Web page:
Catholic nurse unfairly dismissed over cross necklace

The Employment Tribunal has ruled that a Catholic nurse was constructively and unfairly dismissed after wearing a cross necklace to work.

The case involved Mary Onuoha, who had worked at Croydon Health Services NHS Trust for 19 years.

For the first 13 years, she wore the necklace with no issues. However, after 2014, Onuoha was regularly told to remove it.

She refused for religious reasons each time and didn’t receive any follow up requests.

During the later stages of her time at the trust, Onuoha was a surgical theatre practitioner. She was responsible for assisting with surgical procedures, providing post-operative care and in general, making sure the theatre ran smoothly.

In 2017, the trust’s uniform policy was criticised by the Care Quality Commission and general briefings were sent to all staff about uniform policy.

The trust told Onuoha that her necklace was a health and safety issue in the theatre. She was told that her jewellery was potentially a source of infection and that she mustn’t wear it at work.

There was also a concern that a Onuoha was at risk of chocking if a patient grabbed the necklace during surgery.

However, while the uniform policy did exist, it was rarely enforced and other employees who broke the policy were not disciplined by management.

Onuoha also said that for 70% of her time she worked as a ‘scrubbed-in nurse’ and wore surgical covering that concealed her from neck to wrist.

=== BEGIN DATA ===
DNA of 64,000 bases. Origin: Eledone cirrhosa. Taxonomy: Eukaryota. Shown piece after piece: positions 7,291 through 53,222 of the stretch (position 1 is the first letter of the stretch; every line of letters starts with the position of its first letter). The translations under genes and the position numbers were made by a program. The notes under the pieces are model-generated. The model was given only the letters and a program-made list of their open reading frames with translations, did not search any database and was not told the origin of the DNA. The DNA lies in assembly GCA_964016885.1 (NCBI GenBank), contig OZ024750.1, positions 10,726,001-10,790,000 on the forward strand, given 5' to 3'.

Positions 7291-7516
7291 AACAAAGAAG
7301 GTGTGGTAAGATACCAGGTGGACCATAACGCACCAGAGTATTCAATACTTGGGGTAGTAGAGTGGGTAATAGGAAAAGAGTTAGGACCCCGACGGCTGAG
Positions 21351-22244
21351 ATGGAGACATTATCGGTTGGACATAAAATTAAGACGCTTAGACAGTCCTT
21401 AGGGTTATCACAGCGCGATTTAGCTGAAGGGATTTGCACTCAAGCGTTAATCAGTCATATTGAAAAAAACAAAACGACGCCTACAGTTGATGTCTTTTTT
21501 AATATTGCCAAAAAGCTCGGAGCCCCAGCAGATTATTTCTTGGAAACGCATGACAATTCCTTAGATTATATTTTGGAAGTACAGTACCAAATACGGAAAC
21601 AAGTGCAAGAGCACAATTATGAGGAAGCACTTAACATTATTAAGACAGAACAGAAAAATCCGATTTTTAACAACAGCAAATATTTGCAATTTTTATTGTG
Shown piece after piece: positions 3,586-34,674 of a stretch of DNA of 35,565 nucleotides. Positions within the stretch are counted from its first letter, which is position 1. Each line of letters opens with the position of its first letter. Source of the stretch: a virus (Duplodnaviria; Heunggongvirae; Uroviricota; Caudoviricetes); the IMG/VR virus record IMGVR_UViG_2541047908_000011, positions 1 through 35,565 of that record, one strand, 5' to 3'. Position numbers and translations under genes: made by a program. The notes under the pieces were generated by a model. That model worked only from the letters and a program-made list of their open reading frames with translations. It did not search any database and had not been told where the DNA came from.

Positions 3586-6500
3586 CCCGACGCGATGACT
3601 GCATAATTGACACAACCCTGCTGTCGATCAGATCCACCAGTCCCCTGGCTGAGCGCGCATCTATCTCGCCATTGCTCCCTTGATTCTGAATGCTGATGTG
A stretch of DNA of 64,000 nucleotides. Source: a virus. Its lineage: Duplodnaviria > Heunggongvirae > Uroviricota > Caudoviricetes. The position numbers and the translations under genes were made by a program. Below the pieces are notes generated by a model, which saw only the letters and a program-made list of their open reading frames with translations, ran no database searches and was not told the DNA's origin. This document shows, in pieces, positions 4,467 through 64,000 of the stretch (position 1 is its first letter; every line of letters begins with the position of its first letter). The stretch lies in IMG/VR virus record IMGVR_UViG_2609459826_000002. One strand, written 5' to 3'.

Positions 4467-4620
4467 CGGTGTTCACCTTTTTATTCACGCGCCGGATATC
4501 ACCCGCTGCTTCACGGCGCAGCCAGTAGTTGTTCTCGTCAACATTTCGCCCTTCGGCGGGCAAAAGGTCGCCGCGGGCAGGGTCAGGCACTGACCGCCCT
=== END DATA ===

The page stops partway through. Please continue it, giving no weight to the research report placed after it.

For the 30% of the time that she acted as a ‘circulating nurse’ her necklace was not concealed.

In 2018, the clinical lead practitioner demanded that she remove the necklace, but she refused.

As the situation escalated, the trust began a formal investigation into Onuoha’s refusal to remove her necklace. She responded by raising a grievance of race and religious discrimination.

Onuoha was moved to non-clinical work. A disciplinary meeting was held, and she received a final written warning.

While this was going on, Onuoha started to collect evidence of other employees who wore jewellery and religious clothing such as headscarves, turbans and kalava bracelets - many of whom were doctors, nurses and anaesthetists and worked in clinical areas.

Over the next year and a half, she was subjected to further investigations and disciplinary hearings.

It led to Onuoha being put on stress-related sick leave and she resigned.

She took legal action and the tribunal ruled in her favour. It held that the trust had provided no reasonable justification for stating that a religious necklace should be treated differently to religious headwear.

It was detrimental to her to be redeployed several times and, as this was due to her religious necklace, it was a discriminatory act.

Please contact us for more information about the issues raised in this article or any aspect of employment law.

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